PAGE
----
On An Agile Scaling Journey? Take Our Survey To Find Out How You Are Doing

Diego Lo Giudice

This year I’m excited to be teaming up with Amanda LeClair on the biannual Forrester Agile At Scale Adoption Survey. For the 2017 study, we’ve added a few more questions in areas that we see organizations struggle with. So in addition to successful Agile team practices, alignment with business stakeholders upstream and downstream with testing and operations, we are looking into more Agile at scale issues like budgeting and DevOps. Software development leaders continue to buy into Agile while eradicating traditional waterfall development. In the last Agile survey in 2015, we found that 46% of the respondents are still doing what Forrester calls Water-Agile-Fall, but not on a path to faster delivery. Leading innovator teams, which we called Agile Expert firms, have quickly turned passion projects into Agile success stories. But enterprises don’t just need to be quick and flexible on net-new projects or only at the individual team level; they need speed across the business.

As software teams mature along their Agile transformation, the biggest obstacle still is, despite some improvements, to scale up and horizontally. This means truly linking Agile initiatives, Design thinking and DevOps with business value. Our biannual Agile survey tracking the health of Agile initiatives for 2017 keeps its focus on the main challenge: Agile At Scale.

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The Downside Of Digital Labs For Financial Innovation

Diego Lo Giudice

The race to digital is heating up in financial services (FS) organizations; increasingly, the engine making this happen is Agile. Why? Quite simply, it is software that makes any financial business truly digital. Organizations are therefore in a rush to become great at rapidly innovating, developing, and delivering new software products to win new clients and retain and serve existing ones.

Oliwia Berdak and I have just published twin reports — one for eBusiness and channel strategy professionals, and one for AD&D leaders — that share our findings on how FS organizations are trying to ramp up their digital innovation capabilities rapidly by leveraging Agile and other innovative models. 

Our key finding comes in response to a question: Are you building a digital lab that contains great developers but is isolated from key business leaders and other technology management teams? If the answer is yes, don’t! If separate digital units pursue disruptive opportunities, they will often end up with just front-end apps or proofs of concept that are impossible to integrate and scale with same speed they were developed.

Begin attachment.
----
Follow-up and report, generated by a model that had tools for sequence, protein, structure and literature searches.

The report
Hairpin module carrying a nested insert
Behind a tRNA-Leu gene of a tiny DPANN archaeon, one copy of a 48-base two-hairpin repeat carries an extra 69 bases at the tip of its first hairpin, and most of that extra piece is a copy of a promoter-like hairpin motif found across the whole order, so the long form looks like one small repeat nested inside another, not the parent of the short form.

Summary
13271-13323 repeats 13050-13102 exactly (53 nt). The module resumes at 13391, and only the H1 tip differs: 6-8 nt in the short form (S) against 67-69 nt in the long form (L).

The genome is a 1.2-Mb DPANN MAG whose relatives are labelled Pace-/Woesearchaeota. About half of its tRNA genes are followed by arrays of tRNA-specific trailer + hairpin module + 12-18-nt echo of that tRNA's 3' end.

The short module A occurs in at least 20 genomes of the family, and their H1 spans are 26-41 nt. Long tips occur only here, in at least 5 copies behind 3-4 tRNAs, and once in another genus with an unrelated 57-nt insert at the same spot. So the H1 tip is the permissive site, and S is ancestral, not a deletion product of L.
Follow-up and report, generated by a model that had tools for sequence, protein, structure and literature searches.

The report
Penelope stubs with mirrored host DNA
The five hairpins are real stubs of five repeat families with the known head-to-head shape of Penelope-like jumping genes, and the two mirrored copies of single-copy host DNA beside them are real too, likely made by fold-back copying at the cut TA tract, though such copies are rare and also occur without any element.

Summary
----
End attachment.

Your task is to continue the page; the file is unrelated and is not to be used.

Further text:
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The Essence Of Agile Testing: Make Testing Part Of Your SDLC (And Much More)

Diego Lo Giudice

DevOps is a movement for developers and operations professionals that encourages more collaboration and release automation. Why? To keep up with the faster application delivery pace of Agile. In fact, with Agile, as development teams deliver faster and in shorter cycles, IT operations finds itself unprepared to keep up with the new pace. For operations teams, managing a continuous stream of software delivery with traditional manual-based processes is Mission Impossible. Vendors have responded to DevOps requirements with more automation in their release management, delivery, and deployment tools. However, there is a key process that sits between development and operations that seems to have been given little attention: testing.   

In fact, some key testing activities, like integration testing and end-to-end performance testing, are caught right in the middle of the handover process between development and operations. In the Agile and Lean playbook, I’ve dedicated my latest research precisely to Agile testing, because I’ve seen testing as the black beast in many transformations to Agile because it was initially ignored.

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Agile Development Makes Business Technology Come True; It Embodies Business Value In Software

Diego Lo Giudice

There is no doubt that Agile growth in the market is significant, and the growing daily number of inquiries I’ve been getting on Agile from end user organizations in 2012 gives me the impression that many are moving from tactical to strategic adoption. Why’s that? Many reasons, and you can read about them in our focused research on Agile transformation on the Forrester website. But I’d like to summarize the top five reasons from my recent research “Determine The Business And IT Impact Of Agile Development” :

  • Quality was the top — quite astonishing, but both the survey we ran across 205 Agile “professional adopters” and the interviews across some 21 organizations confirmed this. My read is that this is about functional quality.
  • Change was second to quality. We live in an era where innovation strives and organizations are continuously developing new apps and projects. But your business does not necessarily know what it needs or wants upfront. The business really appreciates the due-course changes that Agile development allows, as they enable the business to experiment and try out various options so it can become more confident about what is really right for the organization. Cutting edge cutting edge systems-of-engagement (Mobile, Web-facing, Social-media, etc) require lots of Change in due course.
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Agile Software Is A Cop-Out; Here’s What’s Next

Mike Gualtieri

Never has a new trend annoyed me as much as Agile. Right from the get-go, the Agile Manifesto revealed the weaknesses and immaturity of the founding principles. The two most disturbing: “Working software is the primary measure of progress” and “Business people and developers must work together daily throughout the project.” These are

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